“Leave the well worn and easy paths to others, it is in those most difficult places where one may find the greatest treasures.”
Reverend Julius Aloysius Nieuwland
Reverend Julius Aloysius Nieuwland was a Belgian-American priest and professor of chemistry and botany who, according to one biographer, called telephones “the invention of the devil” and smoked the “most odoriferous pipe in the country.” Nieuwland was being literal when he said to “leave the well worn and easy paths to others” – he was offering advice for collecting botanical specimens, “treasures” to be found in difficult places – but the sentiment translates well to his own research into the chemistry of acetylene, a highly unstable compound.

His first experiments, conducted while a doctoral student, landed him in the hospital. By combining acetylene with arsenic trichloride, Nieuwland had invented lewisite, which would later be developed by others into a chemical weapon dubbed the “Dew of Death” due its geranium-like scent.

The other key discovery of Nieuwland’s career would also be put to military use. By passing acetylene over sulfur dichloride, he produced the base for synthetic rubber, and relayed his findings at a lecture at the University of Notre Dame in 1925, which was attended by Elmer K. Bolton, a scientist at DuPont – the company behind Nylon, Teflon, and GMOs, among other products. Spurred by (Second World) wartime demand for rubber alternatives, Bolton purchased the patent and further developed Nieuwland’s research, eventually marketing the product as “Neoprene.”

It would be some time before Neoprene came to be synonymous with scuba gear and other aquatic clothing, an association that is the result of a substantial episode in the history of sartorial warfare. The earliest recorded “diving dress” was made of leather and designed by Konrad Kyeser, a 14th century German military engineer also known as the first person to have depicted a chastity belt. Later versions were fashioned in rubber and canvas or twill, usually with helmets made of copper or brass. Here, the idea was to keep the water out. But the “standard” diving dress was so bulky that divers couldn’t swim, just walk slowly on the lake or ocean floor. Things only really improved when, in a Zen sort of way, people realized you have to let the water in — that, and because of the atomic bomb.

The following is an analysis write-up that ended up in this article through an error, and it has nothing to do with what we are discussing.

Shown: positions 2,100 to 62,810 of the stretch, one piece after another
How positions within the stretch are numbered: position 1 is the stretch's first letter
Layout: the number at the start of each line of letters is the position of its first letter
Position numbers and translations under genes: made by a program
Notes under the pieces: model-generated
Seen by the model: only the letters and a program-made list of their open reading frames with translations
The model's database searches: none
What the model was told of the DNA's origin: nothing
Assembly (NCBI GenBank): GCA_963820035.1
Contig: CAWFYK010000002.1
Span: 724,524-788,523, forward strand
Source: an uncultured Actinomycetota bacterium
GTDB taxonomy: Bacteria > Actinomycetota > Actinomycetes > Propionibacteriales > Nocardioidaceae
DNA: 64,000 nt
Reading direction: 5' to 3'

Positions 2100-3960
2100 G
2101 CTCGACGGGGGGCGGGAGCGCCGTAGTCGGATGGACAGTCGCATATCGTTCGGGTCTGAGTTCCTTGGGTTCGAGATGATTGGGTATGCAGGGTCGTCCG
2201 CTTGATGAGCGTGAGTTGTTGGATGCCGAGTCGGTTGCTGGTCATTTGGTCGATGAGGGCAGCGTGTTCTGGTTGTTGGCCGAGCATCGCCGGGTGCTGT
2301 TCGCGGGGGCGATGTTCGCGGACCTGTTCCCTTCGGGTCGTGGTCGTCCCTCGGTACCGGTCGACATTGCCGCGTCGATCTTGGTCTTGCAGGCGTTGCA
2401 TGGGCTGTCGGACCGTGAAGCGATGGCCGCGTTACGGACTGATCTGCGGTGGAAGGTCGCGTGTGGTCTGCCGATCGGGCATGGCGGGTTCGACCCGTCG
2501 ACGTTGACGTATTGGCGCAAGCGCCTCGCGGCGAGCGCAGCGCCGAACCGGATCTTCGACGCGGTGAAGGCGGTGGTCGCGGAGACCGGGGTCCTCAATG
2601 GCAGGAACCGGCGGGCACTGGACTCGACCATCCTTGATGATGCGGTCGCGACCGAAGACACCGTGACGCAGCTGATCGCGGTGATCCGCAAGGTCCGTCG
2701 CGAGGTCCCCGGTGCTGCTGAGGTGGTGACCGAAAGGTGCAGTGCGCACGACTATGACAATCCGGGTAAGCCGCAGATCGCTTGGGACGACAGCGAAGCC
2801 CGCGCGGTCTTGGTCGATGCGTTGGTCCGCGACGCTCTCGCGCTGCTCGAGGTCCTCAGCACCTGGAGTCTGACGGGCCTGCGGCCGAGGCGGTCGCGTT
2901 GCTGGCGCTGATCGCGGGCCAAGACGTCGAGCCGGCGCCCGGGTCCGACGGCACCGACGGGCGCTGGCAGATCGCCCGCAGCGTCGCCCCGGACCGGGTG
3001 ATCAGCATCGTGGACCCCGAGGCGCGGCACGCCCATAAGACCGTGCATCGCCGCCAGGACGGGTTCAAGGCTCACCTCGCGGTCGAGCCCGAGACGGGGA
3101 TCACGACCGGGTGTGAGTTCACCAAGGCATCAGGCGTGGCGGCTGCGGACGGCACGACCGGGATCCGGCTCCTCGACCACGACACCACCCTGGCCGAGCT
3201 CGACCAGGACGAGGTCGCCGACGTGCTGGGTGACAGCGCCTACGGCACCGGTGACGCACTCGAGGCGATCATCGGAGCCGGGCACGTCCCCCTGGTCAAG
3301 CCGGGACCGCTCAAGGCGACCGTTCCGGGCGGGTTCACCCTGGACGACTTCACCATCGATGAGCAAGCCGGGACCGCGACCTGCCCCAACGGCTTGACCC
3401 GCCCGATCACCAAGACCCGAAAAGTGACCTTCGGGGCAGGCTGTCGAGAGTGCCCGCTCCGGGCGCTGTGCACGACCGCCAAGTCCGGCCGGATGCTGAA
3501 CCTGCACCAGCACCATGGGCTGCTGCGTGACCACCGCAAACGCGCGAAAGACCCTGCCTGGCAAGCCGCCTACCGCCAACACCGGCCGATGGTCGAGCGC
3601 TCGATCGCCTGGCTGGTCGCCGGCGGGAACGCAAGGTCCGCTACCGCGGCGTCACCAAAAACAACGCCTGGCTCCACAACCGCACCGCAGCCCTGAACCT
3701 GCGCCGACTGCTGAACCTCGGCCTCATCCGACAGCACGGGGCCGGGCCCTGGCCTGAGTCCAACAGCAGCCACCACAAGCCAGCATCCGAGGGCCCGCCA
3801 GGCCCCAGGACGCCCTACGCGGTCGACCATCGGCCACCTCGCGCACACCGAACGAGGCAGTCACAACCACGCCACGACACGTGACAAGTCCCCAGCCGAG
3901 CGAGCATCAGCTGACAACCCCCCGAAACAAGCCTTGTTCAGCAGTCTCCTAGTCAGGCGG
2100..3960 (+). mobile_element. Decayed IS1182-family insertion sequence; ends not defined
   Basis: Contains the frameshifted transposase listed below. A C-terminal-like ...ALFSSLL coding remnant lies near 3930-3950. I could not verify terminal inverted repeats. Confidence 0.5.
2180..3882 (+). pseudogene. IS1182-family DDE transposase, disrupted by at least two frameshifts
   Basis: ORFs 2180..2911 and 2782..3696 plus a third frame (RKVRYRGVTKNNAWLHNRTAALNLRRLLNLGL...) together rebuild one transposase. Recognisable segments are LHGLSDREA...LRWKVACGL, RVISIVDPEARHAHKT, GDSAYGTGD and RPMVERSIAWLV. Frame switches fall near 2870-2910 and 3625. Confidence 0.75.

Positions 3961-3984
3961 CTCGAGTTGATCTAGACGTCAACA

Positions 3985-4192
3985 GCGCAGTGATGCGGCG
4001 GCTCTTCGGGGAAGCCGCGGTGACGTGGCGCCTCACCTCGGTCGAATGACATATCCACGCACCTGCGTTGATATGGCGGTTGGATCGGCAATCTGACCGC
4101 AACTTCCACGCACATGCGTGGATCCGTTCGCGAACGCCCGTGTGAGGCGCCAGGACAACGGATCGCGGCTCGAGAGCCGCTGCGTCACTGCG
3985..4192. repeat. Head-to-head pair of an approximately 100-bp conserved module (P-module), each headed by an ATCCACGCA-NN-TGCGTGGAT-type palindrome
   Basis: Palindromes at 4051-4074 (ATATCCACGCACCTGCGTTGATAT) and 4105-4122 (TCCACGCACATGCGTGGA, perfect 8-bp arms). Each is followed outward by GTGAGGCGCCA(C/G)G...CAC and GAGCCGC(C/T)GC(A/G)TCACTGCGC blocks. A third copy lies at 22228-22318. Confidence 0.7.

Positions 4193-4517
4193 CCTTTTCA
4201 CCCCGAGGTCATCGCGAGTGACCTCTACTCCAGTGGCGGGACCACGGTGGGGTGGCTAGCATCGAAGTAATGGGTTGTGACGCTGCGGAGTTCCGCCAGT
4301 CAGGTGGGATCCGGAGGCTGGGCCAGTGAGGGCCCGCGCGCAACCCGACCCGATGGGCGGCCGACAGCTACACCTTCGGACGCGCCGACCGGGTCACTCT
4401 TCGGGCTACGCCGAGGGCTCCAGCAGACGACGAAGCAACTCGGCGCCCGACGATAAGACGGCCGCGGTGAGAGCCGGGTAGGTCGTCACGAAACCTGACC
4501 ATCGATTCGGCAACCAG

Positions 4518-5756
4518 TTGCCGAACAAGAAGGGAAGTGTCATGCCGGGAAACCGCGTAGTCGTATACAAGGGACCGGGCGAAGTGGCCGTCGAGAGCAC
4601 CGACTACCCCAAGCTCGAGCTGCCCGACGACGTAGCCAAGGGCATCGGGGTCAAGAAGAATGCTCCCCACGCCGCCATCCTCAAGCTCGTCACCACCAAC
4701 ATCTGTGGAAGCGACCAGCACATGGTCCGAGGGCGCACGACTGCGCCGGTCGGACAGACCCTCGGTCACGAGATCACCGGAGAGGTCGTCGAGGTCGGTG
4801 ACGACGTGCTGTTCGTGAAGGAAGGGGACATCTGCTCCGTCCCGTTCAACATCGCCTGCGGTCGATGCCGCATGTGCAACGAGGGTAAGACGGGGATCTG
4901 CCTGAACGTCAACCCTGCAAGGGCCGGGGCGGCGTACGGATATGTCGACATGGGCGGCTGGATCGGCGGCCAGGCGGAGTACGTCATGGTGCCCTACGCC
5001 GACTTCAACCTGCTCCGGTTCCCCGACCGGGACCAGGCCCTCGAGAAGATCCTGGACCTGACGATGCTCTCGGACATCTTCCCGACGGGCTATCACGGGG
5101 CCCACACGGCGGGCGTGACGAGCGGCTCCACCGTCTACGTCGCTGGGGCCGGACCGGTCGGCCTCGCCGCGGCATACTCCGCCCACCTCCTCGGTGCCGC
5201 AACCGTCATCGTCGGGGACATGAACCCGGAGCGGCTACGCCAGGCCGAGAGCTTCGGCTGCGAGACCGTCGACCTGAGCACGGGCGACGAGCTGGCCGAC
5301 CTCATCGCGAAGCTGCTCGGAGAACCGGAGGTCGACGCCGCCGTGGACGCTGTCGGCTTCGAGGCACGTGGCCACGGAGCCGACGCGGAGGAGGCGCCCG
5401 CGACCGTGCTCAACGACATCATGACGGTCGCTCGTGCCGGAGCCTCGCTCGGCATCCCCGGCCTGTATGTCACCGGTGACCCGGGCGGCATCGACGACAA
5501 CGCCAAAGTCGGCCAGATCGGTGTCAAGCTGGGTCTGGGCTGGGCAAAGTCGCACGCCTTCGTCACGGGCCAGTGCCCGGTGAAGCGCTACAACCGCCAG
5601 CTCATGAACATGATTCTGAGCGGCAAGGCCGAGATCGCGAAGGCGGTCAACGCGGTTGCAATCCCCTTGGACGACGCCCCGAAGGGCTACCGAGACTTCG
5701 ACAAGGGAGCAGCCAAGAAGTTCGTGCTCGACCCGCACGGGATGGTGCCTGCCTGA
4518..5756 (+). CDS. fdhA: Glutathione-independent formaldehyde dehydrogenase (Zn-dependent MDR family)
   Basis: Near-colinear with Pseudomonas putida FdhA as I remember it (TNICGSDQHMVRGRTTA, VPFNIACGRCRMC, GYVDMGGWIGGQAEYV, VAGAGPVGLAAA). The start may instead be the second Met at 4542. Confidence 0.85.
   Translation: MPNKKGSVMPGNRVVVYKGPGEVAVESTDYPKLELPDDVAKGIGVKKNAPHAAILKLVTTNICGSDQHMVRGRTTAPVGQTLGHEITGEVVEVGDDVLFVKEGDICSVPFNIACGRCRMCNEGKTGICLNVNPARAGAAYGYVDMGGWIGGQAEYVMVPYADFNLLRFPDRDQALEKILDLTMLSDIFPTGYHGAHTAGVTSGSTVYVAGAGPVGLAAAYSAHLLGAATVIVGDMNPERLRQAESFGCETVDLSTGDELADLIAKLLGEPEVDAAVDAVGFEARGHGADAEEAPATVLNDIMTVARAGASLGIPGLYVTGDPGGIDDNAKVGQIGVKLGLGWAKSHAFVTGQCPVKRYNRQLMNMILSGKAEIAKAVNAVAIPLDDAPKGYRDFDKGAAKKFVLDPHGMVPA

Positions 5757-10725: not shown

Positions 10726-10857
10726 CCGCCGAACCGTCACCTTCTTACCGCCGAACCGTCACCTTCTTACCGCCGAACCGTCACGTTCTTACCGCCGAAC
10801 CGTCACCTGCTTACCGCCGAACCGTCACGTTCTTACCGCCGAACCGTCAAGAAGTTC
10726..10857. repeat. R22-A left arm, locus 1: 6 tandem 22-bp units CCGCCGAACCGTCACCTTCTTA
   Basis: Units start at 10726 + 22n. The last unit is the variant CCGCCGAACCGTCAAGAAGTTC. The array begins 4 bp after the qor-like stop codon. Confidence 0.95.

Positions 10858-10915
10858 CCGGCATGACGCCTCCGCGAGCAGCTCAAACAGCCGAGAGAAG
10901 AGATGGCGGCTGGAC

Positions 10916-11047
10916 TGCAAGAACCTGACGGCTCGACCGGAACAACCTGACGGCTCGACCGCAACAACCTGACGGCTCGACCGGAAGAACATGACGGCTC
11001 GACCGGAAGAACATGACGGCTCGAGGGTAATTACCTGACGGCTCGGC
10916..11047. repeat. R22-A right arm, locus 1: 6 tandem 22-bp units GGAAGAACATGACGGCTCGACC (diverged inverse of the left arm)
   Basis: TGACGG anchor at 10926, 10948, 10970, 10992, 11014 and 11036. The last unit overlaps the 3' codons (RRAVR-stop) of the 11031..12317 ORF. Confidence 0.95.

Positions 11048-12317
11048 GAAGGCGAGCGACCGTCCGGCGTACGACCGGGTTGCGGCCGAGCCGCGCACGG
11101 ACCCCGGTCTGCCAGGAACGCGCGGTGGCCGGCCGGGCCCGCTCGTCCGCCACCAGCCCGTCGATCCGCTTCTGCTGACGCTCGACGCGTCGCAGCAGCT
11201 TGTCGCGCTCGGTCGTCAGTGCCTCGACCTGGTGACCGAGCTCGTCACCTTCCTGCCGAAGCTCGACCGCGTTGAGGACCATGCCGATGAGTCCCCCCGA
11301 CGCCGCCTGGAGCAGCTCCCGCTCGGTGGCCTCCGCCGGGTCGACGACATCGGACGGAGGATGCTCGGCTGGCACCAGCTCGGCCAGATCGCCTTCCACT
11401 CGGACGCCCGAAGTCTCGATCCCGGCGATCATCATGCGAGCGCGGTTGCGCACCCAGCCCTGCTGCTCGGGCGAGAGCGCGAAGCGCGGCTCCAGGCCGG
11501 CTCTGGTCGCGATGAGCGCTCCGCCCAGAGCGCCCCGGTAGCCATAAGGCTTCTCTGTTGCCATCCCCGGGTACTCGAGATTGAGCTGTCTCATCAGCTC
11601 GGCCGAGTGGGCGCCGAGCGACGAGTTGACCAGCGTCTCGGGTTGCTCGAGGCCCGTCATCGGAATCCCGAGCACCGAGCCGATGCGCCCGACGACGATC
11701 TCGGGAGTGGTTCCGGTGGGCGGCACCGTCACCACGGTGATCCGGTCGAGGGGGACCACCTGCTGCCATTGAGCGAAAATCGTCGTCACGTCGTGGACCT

Just after he received his doctorate at Caltech, Hugh Bradner was recruited to join the Manhattan Project by Robert Oppenheimer. Working in Oppenheimer’s New Mexico laboratory, the physicist helped develop the exploding bridgewire detonators required to implode the bomb, among other things, and witnessed the Trinity test – the first time a nuclear weapon was detonated. Bradner also met his wife at Los Alamos, where she was working as a secretary, and their top secret wedding venue prevented even their parents from attending the festivities (although daddy Oppenheimer did). After WWII, Bradner relocated to Berkeley to work at the University of California, but continued to work with the US military’s atomic weapons program, testing bombs in the Marshall Islands for a project known as Operation Greenhouse. The work involved a number of underwater dives, which led Bradner to research diving clothing and, eventually, invent the Neoprene wetsuit in his basement.

Bradner never reaped the rewards of his creation, though – neither in money nor recognition. Jack O’Neill, founder of the self-styled O’Neill surf gear brand, has gotten a good deal of both credit and cash, as have Bill and Bob Meistrell, the identical twin founders of Body Glove who grew up making homemade diving equipment from garden hoses and bike pumps. Things really got going for all of them after the 1959 release of Gidget, the first in a long and ever-growing line of Hollywood banners – from Point Break to Tomb Raider – for Neoprene, taking the material out of extreme conditions and into the realm of athleisure, an essential part of the influencer’s arsenal of endless-vacation equipment. In the last decade, Neoprene has entered both luxury and fast fashion circuits, moving from Balenciaga runways to high street merchandise racks. (The fabric makes a mint green cameo in this season’s 032c Apparel LoveSexDreams collection, too, in shorts that have fit – literally seamlessly – not into Riviera lifestyle posturing, but into the daily rhythm of self-isolation.)

Originally trademarked by its parent company as DuPrene, Neoprene is also an icon of rebranding. Its beloved body contouring capabilities corrupt the legacy of its clerical grandfather; its “hang loose” identity is barely recognizable as the extreme environment-tolerant product of mushroom clouds and irradiated waters.

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